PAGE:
The most intense joys in life arise when we are able to elicit joy in others, as a foretaste of heaven. We can think of the lovely scene in the film Babette’s Feast, when the generous cook receives a grateful hug and praise: “Ah, how you will delight the angels!” It is a joy and a great consolation to bring delight to others, to see them enjoying themselves. This joy, the fruit of fraternal love, is not that of the vain and self-centred, but of lovers who delight in the good of those whom they love, who give freely to them and thus bear good fruit.

Given that on Holy Thursday we remember in a special way the Last Supper, it is fitting that our film for Thursday is centered on a meal.

Friday: “Calvary”

“Calvary” begins with a jolt. Father James Lavelle hears an anonymous penitent in the confessional announcing that he’s going to murder him in retribution for sexual abuse that the penitent suffered at the hands of a different priest as a young boy. Why Father James, then? He’s told, “there’s no point in killing a bad priest, but killing a good one—that would be a shock. I’m going to kill you, Father, because you’ve done nothing wrong.” “Calvary” is a perfect film for the day that we solemnly commemorate the murder of the great high priest.

[Related: Acts of Contrition: A good priest walks a dangerous road in ‘Calvary.’]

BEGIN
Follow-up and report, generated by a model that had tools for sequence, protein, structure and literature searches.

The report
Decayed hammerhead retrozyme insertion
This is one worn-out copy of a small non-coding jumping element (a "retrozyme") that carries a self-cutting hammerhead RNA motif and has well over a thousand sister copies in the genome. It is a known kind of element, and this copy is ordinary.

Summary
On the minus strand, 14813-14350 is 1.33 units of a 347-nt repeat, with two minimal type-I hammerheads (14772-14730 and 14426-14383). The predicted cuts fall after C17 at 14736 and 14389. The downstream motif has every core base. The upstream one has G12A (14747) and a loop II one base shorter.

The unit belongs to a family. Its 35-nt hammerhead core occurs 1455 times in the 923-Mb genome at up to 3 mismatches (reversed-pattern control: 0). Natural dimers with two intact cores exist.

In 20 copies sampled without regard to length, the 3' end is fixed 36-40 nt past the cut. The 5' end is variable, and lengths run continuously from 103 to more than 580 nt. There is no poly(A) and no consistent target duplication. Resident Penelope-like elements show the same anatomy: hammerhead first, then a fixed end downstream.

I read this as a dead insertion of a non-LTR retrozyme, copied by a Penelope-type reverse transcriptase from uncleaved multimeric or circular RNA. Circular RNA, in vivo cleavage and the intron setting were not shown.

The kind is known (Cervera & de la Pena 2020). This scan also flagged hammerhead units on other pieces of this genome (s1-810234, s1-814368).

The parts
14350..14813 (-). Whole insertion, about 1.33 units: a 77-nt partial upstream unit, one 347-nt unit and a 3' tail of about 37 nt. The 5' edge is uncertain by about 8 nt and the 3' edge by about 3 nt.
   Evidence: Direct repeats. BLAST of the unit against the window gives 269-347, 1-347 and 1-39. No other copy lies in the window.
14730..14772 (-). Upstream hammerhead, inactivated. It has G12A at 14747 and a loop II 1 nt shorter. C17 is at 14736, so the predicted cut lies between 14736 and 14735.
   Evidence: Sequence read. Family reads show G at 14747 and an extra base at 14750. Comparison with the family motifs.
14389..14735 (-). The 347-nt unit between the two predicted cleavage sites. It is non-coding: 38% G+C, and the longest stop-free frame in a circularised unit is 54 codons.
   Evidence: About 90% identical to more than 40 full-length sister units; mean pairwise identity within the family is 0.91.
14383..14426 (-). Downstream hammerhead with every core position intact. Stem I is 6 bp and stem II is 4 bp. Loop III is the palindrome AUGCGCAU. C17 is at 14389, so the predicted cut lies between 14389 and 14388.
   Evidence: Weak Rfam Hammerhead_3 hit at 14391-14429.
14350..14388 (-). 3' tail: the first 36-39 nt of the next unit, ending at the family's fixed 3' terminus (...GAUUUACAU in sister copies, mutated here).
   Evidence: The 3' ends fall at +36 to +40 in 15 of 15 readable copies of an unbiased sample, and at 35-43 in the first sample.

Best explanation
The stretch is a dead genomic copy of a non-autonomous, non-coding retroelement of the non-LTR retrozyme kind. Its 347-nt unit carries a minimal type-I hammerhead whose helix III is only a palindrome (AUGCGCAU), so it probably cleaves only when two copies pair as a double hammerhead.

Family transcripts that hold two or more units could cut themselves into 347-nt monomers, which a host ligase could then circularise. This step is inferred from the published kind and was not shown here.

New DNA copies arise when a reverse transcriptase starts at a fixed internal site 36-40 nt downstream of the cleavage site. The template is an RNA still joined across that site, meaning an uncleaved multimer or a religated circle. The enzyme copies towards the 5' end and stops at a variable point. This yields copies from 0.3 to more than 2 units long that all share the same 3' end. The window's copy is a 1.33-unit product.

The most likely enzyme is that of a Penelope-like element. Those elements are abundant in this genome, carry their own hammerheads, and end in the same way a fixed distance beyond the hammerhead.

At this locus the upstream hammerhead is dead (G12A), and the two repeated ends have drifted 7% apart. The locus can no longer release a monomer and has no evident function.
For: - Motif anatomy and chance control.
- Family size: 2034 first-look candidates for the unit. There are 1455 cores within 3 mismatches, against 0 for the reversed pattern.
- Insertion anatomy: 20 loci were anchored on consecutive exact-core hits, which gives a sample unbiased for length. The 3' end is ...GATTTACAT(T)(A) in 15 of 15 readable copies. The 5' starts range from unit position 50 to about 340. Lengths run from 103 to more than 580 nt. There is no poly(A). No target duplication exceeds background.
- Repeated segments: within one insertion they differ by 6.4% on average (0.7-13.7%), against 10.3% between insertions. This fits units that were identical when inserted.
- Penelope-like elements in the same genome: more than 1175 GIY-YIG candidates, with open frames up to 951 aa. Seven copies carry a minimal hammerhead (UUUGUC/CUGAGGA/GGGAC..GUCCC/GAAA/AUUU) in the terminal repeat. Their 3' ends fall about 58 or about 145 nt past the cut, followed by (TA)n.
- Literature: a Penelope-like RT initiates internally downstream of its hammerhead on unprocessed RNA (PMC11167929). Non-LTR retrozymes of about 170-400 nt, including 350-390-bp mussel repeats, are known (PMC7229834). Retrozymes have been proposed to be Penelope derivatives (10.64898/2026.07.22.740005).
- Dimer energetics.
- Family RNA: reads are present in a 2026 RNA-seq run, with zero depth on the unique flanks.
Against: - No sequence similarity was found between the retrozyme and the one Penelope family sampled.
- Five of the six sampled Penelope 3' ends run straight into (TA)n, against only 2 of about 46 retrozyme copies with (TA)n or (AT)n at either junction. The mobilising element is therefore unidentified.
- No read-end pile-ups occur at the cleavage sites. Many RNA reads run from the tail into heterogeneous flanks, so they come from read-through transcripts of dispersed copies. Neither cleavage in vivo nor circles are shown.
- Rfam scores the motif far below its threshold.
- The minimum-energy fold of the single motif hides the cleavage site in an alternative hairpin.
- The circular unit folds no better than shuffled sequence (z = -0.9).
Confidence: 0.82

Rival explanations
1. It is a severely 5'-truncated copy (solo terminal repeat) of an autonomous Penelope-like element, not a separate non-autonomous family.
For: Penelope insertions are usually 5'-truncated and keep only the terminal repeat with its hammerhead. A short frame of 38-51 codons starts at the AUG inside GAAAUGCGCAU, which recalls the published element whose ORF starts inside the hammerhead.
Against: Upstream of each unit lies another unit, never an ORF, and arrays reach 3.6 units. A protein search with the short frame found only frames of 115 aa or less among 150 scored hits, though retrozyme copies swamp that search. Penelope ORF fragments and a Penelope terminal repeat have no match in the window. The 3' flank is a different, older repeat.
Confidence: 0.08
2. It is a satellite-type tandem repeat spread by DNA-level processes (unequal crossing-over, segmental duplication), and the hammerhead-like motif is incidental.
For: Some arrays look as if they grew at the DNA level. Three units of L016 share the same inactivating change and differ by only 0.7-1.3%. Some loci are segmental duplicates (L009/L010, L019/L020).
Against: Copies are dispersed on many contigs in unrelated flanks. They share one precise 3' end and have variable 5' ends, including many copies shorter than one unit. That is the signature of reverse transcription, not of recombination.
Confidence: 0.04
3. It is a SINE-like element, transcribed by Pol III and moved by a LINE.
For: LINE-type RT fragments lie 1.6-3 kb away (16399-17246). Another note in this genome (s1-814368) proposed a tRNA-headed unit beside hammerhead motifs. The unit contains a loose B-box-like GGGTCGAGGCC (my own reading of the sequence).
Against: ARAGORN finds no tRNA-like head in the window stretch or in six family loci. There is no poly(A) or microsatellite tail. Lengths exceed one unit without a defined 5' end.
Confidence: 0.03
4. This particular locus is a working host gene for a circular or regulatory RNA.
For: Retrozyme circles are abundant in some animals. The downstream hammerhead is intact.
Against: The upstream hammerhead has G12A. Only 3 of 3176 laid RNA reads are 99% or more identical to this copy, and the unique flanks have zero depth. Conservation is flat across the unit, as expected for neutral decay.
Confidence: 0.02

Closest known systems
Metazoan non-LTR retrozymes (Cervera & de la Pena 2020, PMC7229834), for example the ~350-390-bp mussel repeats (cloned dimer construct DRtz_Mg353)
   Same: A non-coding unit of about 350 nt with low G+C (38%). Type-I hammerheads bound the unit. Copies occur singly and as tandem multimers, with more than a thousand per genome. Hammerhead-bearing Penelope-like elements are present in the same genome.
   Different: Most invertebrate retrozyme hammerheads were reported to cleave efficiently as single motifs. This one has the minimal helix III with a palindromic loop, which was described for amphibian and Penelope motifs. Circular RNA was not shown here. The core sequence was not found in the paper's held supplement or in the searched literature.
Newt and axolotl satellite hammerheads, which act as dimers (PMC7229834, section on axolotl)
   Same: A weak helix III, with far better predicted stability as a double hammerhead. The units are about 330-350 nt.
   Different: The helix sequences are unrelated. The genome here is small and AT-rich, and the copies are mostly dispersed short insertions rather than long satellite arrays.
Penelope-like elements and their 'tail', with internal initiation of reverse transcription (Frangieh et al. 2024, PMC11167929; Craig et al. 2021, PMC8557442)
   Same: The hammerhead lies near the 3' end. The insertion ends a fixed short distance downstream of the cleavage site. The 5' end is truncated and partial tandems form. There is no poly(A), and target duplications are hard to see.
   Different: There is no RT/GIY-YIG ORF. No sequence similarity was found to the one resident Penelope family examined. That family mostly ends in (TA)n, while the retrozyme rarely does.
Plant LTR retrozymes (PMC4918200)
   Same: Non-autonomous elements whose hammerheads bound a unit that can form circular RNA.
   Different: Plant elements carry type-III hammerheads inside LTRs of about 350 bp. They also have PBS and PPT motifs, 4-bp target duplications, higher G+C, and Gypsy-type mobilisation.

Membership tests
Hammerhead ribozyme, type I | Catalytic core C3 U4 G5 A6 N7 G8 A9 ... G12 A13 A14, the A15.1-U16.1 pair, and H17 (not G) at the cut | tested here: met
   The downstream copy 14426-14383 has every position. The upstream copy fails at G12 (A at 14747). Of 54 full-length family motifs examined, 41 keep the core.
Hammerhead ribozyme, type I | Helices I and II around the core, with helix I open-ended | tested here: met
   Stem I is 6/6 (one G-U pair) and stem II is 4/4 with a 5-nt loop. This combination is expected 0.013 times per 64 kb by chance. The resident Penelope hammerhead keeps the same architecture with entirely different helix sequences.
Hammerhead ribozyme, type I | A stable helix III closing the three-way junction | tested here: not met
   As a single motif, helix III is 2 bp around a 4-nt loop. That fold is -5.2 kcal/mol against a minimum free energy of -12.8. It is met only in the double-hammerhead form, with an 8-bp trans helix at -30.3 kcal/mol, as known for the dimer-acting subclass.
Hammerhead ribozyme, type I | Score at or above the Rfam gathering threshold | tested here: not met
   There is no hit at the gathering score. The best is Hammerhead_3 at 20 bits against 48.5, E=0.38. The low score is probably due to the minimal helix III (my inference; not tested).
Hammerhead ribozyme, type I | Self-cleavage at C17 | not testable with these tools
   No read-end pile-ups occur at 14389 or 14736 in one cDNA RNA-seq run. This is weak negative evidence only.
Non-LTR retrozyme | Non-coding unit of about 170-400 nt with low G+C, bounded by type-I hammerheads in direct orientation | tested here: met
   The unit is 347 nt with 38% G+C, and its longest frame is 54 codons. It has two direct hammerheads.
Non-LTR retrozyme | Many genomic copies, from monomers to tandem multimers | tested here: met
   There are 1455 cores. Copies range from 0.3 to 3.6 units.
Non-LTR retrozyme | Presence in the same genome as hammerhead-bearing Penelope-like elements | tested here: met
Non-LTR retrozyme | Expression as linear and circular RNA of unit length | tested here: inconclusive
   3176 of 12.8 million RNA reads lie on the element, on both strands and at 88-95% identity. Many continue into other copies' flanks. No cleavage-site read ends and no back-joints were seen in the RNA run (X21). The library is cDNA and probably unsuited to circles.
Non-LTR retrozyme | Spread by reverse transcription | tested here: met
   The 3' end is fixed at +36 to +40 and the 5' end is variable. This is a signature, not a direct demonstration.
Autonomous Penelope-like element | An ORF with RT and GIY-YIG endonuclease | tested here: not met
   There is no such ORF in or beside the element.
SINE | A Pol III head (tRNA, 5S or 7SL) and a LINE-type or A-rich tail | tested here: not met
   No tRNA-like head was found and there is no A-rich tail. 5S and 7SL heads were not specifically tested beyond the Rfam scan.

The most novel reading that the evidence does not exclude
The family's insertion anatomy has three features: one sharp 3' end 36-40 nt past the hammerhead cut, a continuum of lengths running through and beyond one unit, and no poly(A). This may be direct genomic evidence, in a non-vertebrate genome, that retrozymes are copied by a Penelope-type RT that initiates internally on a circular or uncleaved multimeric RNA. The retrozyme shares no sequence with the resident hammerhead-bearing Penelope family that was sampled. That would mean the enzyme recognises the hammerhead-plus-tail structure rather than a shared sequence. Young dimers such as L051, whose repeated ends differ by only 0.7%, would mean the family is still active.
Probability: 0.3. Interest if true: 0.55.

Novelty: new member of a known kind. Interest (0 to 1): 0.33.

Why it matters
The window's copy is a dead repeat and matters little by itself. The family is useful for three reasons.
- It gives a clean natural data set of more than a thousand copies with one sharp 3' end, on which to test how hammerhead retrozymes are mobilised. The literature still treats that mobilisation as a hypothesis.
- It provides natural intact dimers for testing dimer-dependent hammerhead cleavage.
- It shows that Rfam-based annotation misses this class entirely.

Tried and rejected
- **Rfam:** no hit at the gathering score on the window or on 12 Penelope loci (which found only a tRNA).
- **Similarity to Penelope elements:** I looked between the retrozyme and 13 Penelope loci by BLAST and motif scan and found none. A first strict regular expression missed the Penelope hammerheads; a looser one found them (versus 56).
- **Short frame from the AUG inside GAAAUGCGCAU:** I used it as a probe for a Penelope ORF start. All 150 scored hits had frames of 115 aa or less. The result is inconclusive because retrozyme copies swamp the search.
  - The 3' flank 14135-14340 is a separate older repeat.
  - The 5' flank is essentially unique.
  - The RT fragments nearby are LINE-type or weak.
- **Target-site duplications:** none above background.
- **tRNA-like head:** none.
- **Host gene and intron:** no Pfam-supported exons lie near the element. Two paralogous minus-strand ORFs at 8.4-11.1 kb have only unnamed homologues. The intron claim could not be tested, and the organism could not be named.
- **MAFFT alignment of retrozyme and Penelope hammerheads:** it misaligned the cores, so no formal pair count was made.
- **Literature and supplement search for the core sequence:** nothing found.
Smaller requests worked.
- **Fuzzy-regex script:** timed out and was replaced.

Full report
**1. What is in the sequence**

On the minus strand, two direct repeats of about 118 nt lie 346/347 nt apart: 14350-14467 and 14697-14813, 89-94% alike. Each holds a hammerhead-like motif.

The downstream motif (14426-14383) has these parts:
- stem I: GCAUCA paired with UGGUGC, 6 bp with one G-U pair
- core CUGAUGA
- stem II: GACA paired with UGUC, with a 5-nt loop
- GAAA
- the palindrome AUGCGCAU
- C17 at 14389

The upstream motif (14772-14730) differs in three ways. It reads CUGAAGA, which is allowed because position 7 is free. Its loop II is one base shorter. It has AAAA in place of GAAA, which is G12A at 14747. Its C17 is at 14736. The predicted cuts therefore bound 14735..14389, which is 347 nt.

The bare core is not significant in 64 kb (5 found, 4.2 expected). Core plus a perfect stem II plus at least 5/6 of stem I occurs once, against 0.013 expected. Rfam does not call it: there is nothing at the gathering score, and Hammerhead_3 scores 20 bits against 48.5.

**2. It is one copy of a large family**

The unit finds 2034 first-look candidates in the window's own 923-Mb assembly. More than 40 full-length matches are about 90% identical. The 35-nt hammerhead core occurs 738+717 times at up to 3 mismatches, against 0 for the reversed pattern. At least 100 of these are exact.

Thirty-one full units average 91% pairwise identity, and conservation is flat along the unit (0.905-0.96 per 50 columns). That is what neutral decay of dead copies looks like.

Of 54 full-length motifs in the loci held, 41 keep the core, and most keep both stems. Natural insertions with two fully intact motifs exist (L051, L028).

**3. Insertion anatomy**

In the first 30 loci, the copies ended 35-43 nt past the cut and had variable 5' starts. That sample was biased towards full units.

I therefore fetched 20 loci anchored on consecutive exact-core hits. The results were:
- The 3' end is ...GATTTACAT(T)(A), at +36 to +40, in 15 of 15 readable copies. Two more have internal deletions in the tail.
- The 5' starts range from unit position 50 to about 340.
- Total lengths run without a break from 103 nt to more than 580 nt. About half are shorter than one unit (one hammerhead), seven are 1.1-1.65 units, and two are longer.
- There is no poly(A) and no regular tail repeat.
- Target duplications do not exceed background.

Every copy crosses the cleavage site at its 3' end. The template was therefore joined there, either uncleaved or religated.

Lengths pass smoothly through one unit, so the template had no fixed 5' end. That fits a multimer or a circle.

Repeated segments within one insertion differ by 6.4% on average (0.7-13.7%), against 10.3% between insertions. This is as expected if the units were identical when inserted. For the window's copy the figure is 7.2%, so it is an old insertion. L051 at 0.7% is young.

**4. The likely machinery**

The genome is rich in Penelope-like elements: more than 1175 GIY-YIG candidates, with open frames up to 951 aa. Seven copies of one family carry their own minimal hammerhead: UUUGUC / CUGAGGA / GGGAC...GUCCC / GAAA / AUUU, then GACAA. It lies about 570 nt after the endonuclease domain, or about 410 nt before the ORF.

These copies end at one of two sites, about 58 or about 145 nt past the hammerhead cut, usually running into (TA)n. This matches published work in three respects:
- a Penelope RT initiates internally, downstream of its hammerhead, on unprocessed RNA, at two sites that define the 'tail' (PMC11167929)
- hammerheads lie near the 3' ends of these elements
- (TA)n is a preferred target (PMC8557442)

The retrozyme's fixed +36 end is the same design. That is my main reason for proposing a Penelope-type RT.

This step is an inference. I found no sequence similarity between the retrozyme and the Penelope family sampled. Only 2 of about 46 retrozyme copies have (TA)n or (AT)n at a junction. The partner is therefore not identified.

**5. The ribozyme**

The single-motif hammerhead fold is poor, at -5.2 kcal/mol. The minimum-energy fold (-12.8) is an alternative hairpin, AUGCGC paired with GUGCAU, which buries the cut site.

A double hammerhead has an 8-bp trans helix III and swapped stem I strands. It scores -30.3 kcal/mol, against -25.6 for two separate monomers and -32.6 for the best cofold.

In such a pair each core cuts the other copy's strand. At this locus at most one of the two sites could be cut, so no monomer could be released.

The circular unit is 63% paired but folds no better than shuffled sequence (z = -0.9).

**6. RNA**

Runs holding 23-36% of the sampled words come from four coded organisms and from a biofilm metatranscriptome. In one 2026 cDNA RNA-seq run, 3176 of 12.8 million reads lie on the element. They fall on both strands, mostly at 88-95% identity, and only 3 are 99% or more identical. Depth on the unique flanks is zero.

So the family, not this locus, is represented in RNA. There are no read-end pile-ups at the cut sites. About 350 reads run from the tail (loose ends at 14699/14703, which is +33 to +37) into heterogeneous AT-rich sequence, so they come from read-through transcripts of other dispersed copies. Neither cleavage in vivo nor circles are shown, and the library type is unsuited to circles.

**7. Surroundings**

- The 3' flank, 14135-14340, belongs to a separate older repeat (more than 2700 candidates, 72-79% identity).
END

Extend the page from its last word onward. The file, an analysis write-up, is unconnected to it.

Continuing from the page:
Saturday: Break

Go to the Easter vigil instead!

Sunday: “Mary Magdalene”

After the Easter egg hunt is over and while the ham is digesting, sit down and consider the 2019 film “Mary Magdalene,” which John Anderson called “revisionist and reverent at the same time.” This represents our explicitly Jesus-centered film (see rule No. 5) for Holy Week Film Festival. While Joaquin Phoenix makes for an odd Jesus at times, the film illuminates and gives depth to Mary Magdalene, whose perspective on the Gospel for much of history has been overlooked and maligned.

[Related: “Mary Magdalene” is a fierce, feminist parable]

I have offered five films as a sample itinerary, but that is by no means an exhaustive or inflexible list. Much of the fun is selecting the films, either alone or with friends and family. Below you can find other options to swap in. What did I miss? What films would you include, and on what day? Join the conversation in the comments at the bottom of this article.

Other options:

  • “Shadowlands”
  • “The Last Temptation of Christ”
  • “Three Burials of Melquiades Estrada”
  • “Tree of Life”
  • “Into Great Silence”
  • “First Reformed”
  • “Bonhoeffer: Agent of Grace”
  • “The Mission”
  • “A Man for All Seasons”
  • “Il Vangelo Secondo Matteo”
  • “Molokai: The Story of Father Damien”
  • “Doubt”
  • “Silence”
  • “A Hidden Life”
  • “Brideshead Revisited”
  • “Big Night”
More: Film / Easter